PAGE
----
A few weeks ago we hosted the first in a series of three lectures by writer and story consultant David Baboulene. The Primary Colours of Story lecture series looks to examine how stories grip and intrigue their audiences and how writers can utilise this in their own work.
In this first lecture, David discussed the importance of narrative, briefly analysing the processes of learning and memory and demonstrating how these neurological functions are key in the way we approach both reading and understanding any story. "Narrative is fundamental to the way our brains work and to our memory," he suggested, "our brains love narrative and we are made from it."
But for David, it's not simply narrative that drives our interest in stories but rather interruptions in the narrative. When writers offer conflict in their plots David suggests that we as an audience begin to use our own experience and knowledge to try and bridge these gaps. "We create a new story when we fix these problems and this becomes a new memory script, a new narrative, that we can apply to the future." So just as when we use this knowledge and experience in real life scenarios to adapt and solve problems, the same is true of stories, except in this case the characters become a proxy for our eyes, ears, and actions.
It's in these narrative gaps and interruptions that audiences and readers become most engaged in stories. David suggests that gaps create anxiety and emotion in the audience. Authors can utilise this to their advantage by allowing the audience to project their own ideas into these gaps and become further invested in the story.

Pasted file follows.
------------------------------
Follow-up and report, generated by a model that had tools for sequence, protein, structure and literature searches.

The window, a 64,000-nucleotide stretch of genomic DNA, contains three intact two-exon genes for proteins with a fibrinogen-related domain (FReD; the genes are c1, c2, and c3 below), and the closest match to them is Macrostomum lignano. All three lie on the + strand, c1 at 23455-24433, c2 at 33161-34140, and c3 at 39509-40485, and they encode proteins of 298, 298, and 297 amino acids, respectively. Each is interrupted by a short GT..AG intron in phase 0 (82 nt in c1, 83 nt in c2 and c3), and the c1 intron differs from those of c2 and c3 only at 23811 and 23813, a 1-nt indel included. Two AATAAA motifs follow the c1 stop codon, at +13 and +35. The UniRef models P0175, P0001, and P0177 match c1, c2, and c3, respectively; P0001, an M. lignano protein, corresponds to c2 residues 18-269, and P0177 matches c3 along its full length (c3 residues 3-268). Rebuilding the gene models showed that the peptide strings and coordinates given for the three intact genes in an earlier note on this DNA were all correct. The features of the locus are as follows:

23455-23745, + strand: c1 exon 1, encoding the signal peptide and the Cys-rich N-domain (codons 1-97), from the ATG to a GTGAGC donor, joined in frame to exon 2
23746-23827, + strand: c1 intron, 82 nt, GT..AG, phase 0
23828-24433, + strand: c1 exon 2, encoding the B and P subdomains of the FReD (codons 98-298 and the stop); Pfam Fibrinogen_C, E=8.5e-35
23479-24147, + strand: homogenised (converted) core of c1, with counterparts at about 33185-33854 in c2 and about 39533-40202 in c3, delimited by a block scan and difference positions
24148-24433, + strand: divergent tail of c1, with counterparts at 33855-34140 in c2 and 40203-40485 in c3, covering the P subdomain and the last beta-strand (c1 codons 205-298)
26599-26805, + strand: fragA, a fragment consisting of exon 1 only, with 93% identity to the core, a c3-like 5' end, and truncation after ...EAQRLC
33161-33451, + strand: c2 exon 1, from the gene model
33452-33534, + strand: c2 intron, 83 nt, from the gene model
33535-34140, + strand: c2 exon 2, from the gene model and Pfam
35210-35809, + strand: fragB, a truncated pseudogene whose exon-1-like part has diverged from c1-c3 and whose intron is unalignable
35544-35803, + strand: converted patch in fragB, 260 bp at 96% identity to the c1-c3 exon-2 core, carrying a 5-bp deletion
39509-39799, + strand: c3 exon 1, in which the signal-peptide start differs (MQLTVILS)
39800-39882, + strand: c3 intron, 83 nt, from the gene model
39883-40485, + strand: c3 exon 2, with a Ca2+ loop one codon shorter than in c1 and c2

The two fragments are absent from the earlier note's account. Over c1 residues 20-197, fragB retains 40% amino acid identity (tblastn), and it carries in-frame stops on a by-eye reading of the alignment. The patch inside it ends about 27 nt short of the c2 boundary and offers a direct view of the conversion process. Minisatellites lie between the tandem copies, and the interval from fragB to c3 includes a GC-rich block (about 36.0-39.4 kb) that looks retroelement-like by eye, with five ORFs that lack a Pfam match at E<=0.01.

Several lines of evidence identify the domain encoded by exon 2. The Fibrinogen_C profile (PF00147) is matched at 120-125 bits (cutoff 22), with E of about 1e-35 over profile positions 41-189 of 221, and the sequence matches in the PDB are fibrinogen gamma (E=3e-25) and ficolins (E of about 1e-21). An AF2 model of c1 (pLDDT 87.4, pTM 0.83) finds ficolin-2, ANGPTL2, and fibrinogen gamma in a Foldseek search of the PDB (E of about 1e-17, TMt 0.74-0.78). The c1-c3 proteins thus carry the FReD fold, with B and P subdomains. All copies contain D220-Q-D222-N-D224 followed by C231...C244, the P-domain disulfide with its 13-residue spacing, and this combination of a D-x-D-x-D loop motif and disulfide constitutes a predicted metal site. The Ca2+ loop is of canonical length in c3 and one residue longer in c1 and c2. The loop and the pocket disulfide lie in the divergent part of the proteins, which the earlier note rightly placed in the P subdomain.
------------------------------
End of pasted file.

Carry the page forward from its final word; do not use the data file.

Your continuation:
So, David ultimately suggests, the substance of any story is knowledge gaps, a difference in the level of knowledge held by participants, whether that's between different characters, between the narrator and their characters or the author and their audience. David categorises these story gaps into the format of the story frame, character, and finally, to use what David has termed, storification.
"A story is any form of information transfer which involves knowledge gaps in the delivery," David concluded. And the longer the gaps, the deeper they are, and the more complicated, the better the story will be.
David was also at our Shortlisters’ Day at the Watershed in Bristol on 19th November where our twenty shortlisted entrants had the chance to learn more from him. One entrant, Paul Blinkhorn shared his thoughts on Twitter, writing that he had “an insightful day with [David] and other shortlisted filmmakers” while another of our shortlisters Jeffrey Aidoo shared on Instagram, "David Baboulene was a fountain of knowledge".
So, if you’re intrigued by David’s work and want to find out more about his story theory then you’ll be glad to know that we’ll be back with David again on the 6th February for the second lecture in this series. This time he'll be discussing how to understand and harness the power in a story. You can book your tickets here and browse the rest of our upcoming film matters lectures.